SACRAMENTO -- The East Area Rapist or Golden State Killer -- multiple names for the man believed to be responsible for 12 homicides, almost 50 rapes and 120 home burglaries in California for a decade, starting in the late '70s.
"It's not just 50 rapes. It's not just 12 murders. It's the ripple in the pond -- the friends and the family members," said Debbi Domingo, whose mother was murdered by the East Area Rapist.
Back in 1981, Domingo's mother, Cheri Domingo, and her boyfriend, Greg Sanchez, were murdered in Goleta, California. It's a loss Debbi has lived with for the majority of her life.
"I went for 20 year just believing we would never have an answer to what happened to my mom and Greg," Debbi Domingo said.
In 2011, investigators used DNA evidence to link the murders of Cheri Domingo and Greg Sanchez to the East Area Rapist.
"It's been horrific knowing one person was responsible for so much pain," Debbi Domingo said.
Investigators say the violent and deadly crime spree began in Sacramento with rapes and burglaries.
This week the Sacramento County District Attorney's Office released new photos of items they say the East Area Rapist took from homes in the Sacramento region in the late 1970s. They include a gold Lycoming College class ring with a blue stone, a woman's gold ring with a ruby stone, a yellow gold Foothill High class ring with a blue stone, a Modesto Junior College class ring and a set of China dishes.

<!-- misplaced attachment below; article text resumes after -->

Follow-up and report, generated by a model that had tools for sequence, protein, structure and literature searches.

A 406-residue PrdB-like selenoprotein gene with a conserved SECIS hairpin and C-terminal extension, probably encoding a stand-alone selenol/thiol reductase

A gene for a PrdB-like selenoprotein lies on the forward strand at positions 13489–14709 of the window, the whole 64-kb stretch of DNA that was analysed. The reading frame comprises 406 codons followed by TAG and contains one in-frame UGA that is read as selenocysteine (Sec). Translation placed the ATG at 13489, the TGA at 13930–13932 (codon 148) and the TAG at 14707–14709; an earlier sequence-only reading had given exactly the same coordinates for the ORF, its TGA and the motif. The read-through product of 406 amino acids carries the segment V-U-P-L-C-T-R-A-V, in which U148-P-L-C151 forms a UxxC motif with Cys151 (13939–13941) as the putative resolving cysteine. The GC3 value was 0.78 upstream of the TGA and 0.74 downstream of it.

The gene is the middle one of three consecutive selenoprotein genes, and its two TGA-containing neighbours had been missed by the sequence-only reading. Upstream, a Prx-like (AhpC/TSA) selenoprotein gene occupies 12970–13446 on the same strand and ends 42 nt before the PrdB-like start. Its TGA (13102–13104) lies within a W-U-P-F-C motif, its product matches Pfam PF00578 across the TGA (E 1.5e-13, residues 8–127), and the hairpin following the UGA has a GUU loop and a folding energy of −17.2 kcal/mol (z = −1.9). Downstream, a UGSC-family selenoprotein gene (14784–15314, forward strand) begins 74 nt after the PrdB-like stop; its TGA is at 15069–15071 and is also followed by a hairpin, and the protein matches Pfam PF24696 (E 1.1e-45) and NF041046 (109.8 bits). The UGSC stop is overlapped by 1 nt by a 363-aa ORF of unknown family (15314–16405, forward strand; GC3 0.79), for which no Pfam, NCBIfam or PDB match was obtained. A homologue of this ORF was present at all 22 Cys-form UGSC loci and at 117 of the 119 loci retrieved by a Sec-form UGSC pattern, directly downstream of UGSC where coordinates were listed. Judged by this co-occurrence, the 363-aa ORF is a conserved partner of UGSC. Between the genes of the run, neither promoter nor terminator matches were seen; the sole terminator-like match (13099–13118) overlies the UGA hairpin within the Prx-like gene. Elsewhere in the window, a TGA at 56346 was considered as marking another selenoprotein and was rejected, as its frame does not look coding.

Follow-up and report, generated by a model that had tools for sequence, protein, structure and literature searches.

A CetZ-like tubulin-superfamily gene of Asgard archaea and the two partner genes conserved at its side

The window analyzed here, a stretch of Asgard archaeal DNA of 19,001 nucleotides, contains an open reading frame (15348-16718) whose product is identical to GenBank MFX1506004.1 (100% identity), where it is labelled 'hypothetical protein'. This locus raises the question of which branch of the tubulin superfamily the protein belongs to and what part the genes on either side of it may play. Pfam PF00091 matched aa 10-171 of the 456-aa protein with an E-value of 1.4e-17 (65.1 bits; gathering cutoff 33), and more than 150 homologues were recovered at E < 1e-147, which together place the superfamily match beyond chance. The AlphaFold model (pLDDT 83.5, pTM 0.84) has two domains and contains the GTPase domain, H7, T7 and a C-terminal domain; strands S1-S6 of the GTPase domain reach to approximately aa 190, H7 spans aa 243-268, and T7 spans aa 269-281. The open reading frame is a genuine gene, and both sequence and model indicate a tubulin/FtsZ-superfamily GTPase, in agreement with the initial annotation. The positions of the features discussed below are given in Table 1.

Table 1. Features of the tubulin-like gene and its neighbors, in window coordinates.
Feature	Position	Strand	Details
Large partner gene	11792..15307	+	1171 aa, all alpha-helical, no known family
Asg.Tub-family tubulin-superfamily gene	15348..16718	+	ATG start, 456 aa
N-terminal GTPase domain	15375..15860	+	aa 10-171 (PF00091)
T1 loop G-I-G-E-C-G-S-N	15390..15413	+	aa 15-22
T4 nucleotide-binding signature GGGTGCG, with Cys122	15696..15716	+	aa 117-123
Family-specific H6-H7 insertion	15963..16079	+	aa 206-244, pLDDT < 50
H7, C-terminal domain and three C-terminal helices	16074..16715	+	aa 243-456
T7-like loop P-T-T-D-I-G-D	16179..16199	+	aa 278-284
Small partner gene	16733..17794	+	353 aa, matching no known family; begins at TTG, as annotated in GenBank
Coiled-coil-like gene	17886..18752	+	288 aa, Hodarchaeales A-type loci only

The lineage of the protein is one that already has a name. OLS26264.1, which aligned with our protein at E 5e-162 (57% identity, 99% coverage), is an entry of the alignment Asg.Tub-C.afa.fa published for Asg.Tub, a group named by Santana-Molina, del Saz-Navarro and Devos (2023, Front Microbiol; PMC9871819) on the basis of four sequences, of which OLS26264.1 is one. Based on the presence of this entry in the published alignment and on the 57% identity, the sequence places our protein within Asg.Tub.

"It is the most prolific unsolved serial killing case probably in modern history," said Sacramento County District Attorney Anne Marie Schubert.
This week, Schubert said DNA could be what cracks the notorious cold case -- four decades later.
The FBI is continuing its investigation and is still offering a $50,000 reward for information that helps track down the serial killer and rapist who ruined lives and tore families apart.
"We do not want to give up on this case. We are hopeful that we can get information that can ID this person. We have a DNA profile in hand so it's a very easy way to vet individuals," said FBI spokesperson Gina Swankie.
Victim families and others following the case closely are hanging onto hope after so many years of heartbreak.
"There's a statute of limitations on some of the things he did, but there's no statute of limitation on the pain he caused and its a universal pain," said author Keith Komos.